DISCUSSION

This study examined the patterns of growth for somatotype ratings, diameters, circumferences, and anthropometric ratios of young wrestlers. When compared to data from the National Health and Nutrition Examination Survey (NHANES) (22), the wrestlers and NHANES samples were similar in BM from 7 to 11 yrs of age, but the NHANES samples had greater BM than the wrestlers between 11 and 18 yrs of age (Tables 1 and 2). However, the samples were similar in HT across the total age range (7 to 18 yrs). The findings are consistent with the results from studies (6,11,14,22,26,27,33) that reported wrestlers 8 to 16 yrs of age tend to have less BM than non-athletes of comparable ages. Differences in BM between wrestlers and non-athletes are likely due to the weight loss practices that wrestlers often use to make weight for competition (26,34).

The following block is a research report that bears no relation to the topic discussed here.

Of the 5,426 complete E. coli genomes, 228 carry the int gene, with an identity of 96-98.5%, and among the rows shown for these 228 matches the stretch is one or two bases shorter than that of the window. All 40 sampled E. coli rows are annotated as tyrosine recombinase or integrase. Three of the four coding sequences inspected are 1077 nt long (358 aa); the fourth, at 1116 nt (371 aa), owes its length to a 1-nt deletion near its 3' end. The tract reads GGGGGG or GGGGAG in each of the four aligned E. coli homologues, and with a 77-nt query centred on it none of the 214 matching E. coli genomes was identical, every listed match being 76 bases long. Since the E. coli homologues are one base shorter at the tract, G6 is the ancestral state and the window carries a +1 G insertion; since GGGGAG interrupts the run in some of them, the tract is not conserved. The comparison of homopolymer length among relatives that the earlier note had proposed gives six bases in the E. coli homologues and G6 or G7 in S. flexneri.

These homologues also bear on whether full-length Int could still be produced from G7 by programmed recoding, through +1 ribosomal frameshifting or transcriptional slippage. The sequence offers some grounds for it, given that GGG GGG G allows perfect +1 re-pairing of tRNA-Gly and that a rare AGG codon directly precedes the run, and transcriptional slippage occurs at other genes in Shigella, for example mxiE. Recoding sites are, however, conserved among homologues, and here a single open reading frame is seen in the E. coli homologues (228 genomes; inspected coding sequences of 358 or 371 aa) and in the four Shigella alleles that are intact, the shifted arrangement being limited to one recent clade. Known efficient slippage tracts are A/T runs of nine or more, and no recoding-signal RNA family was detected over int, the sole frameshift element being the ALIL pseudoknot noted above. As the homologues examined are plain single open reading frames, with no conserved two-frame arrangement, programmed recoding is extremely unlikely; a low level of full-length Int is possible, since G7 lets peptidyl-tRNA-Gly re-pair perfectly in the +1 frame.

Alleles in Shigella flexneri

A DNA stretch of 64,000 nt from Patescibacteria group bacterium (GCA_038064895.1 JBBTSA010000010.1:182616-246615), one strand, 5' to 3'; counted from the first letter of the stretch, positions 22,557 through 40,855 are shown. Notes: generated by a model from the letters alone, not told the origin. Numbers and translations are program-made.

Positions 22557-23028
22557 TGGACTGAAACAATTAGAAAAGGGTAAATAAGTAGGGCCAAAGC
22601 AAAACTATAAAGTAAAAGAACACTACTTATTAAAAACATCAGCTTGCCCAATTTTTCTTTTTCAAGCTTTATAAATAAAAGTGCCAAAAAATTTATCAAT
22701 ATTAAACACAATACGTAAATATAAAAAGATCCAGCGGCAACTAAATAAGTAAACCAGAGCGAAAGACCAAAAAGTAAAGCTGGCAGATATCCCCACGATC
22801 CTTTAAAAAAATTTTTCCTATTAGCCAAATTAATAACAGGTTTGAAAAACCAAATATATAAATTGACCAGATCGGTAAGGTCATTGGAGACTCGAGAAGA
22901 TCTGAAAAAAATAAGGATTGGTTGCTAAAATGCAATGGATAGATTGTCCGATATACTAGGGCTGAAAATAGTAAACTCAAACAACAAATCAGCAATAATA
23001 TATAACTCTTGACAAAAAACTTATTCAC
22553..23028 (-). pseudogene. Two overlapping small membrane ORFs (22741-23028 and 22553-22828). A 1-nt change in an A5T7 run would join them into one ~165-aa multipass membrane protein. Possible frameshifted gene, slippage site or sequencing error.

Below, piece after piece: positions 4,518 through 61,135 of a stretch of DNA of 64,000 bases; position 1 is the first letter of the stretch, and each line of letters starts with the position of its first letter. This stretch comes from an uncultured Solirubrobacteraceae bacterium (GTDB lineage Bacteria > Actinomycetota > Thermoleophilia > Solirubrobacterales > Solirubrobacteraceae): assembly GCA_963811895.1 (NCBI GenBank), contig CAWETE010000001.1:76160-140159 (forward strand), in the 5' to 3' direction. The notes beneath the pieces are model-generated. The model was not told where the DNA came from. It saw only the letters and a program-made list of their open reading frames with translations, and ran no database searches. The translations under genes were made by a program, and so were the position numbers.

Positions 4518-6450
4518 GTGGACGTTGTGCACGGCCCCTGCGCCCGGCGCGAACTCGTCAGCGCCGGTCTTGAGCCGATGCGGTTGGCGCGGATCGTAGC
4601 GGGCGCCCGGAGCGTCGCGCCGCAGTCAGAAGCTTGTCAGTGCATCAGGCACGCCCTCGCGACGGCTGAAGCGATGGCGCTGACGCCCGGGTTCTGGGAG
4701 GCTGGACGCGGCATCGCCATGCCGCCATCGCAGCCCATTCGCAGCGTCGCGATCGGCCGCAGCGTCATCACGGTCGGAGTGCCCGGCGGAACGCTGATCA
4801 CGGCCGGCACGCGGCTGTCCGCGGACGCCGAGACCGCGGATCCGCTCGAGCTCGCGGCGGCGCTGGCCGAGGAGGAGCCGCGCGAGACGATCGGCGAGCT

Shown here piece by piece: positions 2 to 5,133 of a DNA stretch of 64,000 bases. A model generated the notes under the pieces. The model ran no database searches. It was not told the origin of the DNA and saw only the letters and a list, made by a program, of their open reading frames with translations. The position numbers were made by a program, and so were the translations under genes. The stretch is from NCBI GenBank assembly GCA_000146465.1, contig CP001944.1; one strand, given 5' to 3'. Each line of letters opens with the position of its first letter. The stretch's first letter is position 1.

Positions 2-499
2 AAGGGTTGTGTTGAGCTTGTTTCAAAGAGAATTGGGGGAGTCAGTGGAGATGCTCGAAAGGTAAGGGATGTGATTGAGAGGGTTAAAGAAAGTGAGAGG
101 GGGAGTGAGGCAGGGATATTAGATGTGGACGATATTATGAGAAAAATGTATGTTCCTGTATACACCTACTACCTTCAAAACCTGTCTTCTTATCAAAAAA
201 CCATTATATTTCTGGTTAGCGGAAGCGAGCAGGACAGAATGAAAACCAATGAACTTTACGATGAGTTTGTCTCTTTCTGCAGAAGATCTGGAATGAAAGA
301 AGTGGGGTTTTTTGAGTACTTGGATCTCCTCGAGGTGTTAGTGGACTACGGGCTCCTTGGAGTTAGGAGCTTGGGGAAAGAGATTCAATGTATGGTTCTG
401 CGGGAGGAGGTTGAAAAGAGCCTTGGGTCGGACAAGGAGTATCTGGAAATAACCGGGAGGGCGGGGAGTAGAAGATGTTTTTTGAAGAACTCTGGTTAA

The wrestlers in the present study exhibited positive, linear relationships for age versus BM and BMI, and a positive, quadratic relationship for age versus HT (Figure 1). Like the non-athletes of Tanner and Whitehouse (31), however, HT in the wrestlers increased to approximately 15 yrs of age and then plateaued. Previous studies (6,12,21,25) have also reported linear increases across age for BM and BMI in young wrestlers as well as athletes in track and field, tennis, and swimming. In addition, previous investigations of wrestlers, as well as non-athletes, (2,6,11,14,23) have reported increases in HT across age and Camic et al. (6) found a positive, linear relationship for age versus HT in wrestlers 8 to 14 yrs old.